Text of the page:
All of them. As many times as you can.
People frequently ask me which credit card they should get (and every time I die a little on the inside because I don’t have any affiliate links to make money off of them). But it’s a question that I find challenging to answer because I don’t think that there’s a single credit card that people should get–people should get them all. The best credit card strategy is to apply for new cards as quickly as you can meet the minimum spend requirements on your previous cards so you’re constantly earning sign-up bonuses. Sign-up bonuses are currently the single best way to earn points in the current environment.
For example, the Chase Sapphire Preferred–which seems to be the gateway travel credit card for many people–currently offers 40k points after spending $4k within the first three months of having the card. This isn’t even the best the offer has been (it can go up to 50k points, ignoring the 5k points you can get for adding an authorized user). But that means that for the first $4k you’re spending on the credit card, you’re essentially earning at least 11 points per dollar spent. Or the Citi AA card which offers 50k miles after $3k in spending. That first $3k spent is earning over 17 miles per dollar. You’re not going to get anywhere close to those numbers on ongoing everyday spend.
In addition, by applying to credit cards as quickly as possible, you’re also resetting your clock on when you can then churn those cards. Chase cards are churnable 24 months after receiving the sign-up bonus, so applying for and meeting the spend earlier means that you have to wait less time to earn the bonus again in the future. Granted, there are some banks that are cracking down on this, but this game always evolves, so you should take advantage of opportunities as they arise.
Now, I’m a bit of a hypocrite because I’m not really following my own advice: I haven’t been applying for as many new cards as I could be, but this is mostly driven by the fact that I’m sitting on more miles than I can redeem so I haven’t been too focused on earning. But I’ve accumulated many of those miles from applying for (and subsequently closing) lots and lots of credit cards.
When people ask me what the best credit card to use is, I usually tell them that there’s no specific card but that they should be continuously applying for new credit cards to get sign-up bonuses. There’s not as much talk about churning on blogs nowadays (perhaps because banks don’t like it when the bigger blogs use that word?), but I still regularly apply for new credit cards.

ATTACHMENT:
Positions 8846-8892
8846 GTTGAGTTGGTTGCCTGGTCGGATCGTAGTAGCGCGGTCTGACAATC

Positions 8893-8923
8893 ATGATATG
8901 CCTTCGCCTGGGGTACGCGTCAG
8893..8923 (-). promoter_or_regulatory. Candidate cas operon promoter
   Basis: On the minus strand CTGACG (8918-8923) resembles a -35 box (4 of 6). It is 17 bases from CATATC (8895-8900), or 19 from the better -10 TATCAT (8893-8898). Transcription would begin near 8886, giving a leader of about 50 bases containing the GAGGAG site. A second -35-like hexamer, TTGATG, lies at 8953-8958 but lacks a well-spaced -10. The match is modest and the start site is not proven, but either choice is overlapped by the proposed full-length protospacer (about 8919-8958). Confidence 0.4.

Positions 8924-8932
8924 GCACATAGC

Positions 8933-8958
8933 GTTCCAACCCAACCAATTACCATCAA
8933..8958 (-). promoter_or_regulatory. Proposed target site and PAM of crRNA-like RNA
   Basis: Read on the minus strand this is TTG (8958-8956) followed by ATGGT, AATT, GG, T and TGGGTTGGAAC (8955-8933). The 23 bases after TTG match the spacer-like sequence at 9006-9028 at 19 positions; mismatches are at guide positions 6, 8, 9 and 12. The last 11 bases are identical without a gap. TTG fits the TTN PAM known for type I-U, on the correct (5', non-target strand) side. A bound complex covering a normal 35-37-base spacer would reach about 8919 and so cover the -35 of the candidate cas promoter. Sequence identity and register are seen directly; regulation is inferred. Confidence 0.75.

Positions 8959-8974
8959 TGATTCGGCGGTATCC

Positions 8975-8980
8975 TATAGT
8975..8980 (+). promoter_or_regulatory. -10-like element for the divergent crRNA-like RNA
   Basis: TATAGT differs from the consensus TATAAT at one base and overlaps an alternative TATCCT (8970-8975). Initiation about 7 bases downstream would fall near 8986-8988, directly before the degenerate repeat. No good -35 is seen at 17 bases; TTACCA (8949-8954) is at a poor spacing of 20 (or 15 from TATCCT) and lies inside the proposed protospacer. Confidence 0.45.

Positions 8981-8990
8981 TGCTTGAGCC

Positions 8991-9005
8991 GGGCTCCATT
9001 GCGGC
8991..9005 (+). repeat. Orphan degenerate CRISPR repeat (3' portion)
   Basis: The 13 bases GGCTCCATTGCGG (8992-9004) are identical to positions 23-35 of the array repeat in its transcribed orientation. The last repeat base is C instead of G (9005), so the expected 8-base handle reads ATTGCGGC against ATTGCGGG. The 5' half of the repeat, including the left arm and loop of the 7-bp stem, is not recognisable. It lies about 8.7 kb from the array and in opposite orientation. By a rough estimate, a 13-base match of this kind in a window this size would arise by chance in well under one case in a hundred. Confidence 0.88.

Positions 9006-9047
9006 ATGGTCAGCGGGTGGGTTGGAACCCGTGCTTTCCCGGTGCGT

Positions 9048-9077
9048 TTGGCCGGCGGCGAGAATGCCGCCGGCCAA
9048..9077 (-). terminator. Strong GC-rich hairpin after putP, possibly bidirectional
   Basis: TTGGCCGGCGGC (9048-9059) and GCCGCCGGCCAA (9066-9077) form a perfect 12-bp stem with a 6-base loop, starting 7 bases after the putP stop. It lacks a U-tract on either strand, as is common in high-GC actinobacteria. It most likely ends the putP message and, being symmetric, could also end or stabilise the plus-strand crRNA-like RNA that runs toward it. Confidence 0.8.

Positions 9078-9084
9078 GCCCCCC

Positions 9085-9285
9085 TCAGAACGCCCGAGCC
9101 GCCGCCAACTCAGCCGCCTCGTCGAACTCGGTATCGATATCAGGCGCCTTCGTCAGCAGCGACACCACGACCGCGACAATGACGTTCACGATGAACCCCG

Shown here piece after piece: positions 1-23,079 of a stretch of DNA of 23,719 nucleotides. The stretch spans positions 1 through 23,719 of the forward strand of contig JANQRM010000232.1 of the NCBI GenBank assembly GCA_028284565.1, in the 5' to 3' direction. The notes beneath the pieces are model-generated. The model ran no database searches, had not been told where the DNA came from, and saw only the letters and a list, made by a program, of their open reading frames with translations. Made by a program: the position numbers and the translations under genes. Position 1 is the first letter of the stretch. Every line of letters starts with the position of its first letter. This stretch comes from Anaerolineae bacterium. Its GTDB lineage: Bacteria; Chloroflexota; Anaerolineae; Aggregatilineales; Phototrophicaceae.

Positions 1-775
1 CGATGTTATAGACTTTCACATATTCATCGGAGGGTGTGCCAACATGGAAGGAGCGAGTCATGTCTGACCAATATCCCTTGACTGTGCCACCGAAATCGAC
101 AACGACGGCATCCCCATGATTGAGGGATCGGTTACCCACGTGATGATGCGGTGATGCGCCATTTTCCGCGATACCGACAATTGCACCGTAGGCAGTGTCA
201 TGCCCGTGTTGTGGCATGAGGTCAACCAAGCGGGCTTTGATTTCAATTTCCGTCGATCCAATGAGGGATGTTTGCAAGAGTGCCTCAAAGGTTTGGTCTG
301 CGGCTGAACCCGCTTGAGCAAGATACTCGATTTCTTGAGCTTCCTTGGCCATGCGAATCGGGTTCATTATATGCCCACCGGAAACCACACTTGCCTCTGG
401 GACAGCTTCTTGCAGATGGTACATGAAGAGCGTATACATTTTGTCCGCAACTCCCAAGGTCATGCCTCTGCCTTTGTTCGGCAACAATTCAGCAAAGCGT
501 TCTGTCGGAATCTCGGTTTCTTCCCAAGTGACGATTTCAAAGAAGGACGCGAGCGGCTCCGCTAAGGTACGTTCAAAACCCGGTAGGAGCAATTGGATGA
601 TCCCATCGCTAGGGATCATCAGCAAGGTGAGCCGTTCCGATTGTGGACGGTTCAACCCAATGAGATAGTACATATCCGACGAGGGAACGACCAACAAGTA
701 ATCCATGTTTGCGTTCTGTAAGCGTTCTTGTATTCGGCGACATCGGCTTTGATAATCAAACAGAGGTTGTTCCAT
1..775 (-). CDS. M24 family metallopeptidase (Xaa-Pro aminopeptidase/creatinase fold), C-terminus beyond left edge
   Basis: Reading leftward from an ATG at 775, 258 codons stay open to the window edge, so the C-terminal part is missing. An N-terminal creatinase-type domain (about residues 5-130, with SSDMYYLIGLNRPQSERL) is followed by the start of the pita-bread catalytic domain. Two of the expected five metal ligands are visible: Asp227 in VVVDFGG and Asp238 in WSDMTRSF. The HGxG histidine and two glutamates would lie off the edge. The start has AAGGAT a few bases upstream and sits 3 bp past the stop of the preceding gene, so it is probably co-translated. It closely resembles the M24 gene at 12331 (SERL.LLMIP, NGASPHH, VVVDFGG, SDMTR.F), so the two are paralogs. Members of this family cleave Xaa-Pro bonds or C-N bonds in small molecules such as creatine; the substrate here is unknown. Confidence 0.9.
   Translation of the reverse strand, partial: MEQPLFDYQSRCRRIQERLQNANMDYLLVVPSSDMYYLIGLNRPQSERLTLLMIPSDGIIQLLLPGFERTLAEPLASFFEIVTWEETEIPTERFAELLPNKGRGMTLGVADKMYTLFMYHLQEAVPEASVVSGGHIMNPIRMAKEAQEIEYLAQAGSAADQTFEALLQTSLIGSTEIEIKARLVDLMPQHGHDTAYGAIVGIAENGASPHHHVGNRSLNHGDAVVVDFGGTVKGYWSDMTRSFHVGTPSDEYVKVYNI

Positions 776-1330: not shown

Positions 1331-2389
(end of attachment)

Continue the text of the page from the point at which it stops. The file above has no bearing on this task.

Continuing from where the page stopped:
So what’s next on my list? The card that I most want right now is the Citi Prestige card. It’s kind of like Citi’s answer to the Amex Platinum, and it comes with a Priority Pass membership that allows guests for free, American Admirals Club access, and a $250 annual airline credit. But I’m mostly interested in this card because I have a Citi Forward card that gets 5x Thank You points on restaurants and bookstores, so with the Citi Prestige, I can then redeem those points for 1.6 cents each toward AA flights. That means I can get about 8% back on restaurant spending all year round. Crazy good deal, right?
I’ll probably try to pick up another US Airways credit card before Barclays has to stop issuing them and perhaps an Alaska Airlines credit card. I’ve had the US Airways card three times before, so I’m not optimistic about my approval chances, but it’s been 6 months since my last application, so I might as well try. I don’t know how many times I’ve had the Bank of America Alaska credit card, but they keep approving me, so might as well keep on getting those miles, as I recently used 100k to book a first class Emirates ticket.
Another card that’s been in the back of my mind for a while is the Chase IHG card. Low annual fee for a free night certificate, and you get a redemption rebate, so it’s worth keeping around. I haven’t gotten to it yet since I haven’t really focused on IHG, and I probably will continue to wait until the 80k point offer comes back (if it does).
So not the most ambitious set of credit card applications, but if I get approved for them all, it’ll be about 125k miles/points which I value at over $1800. Not too shabby for minimal effort.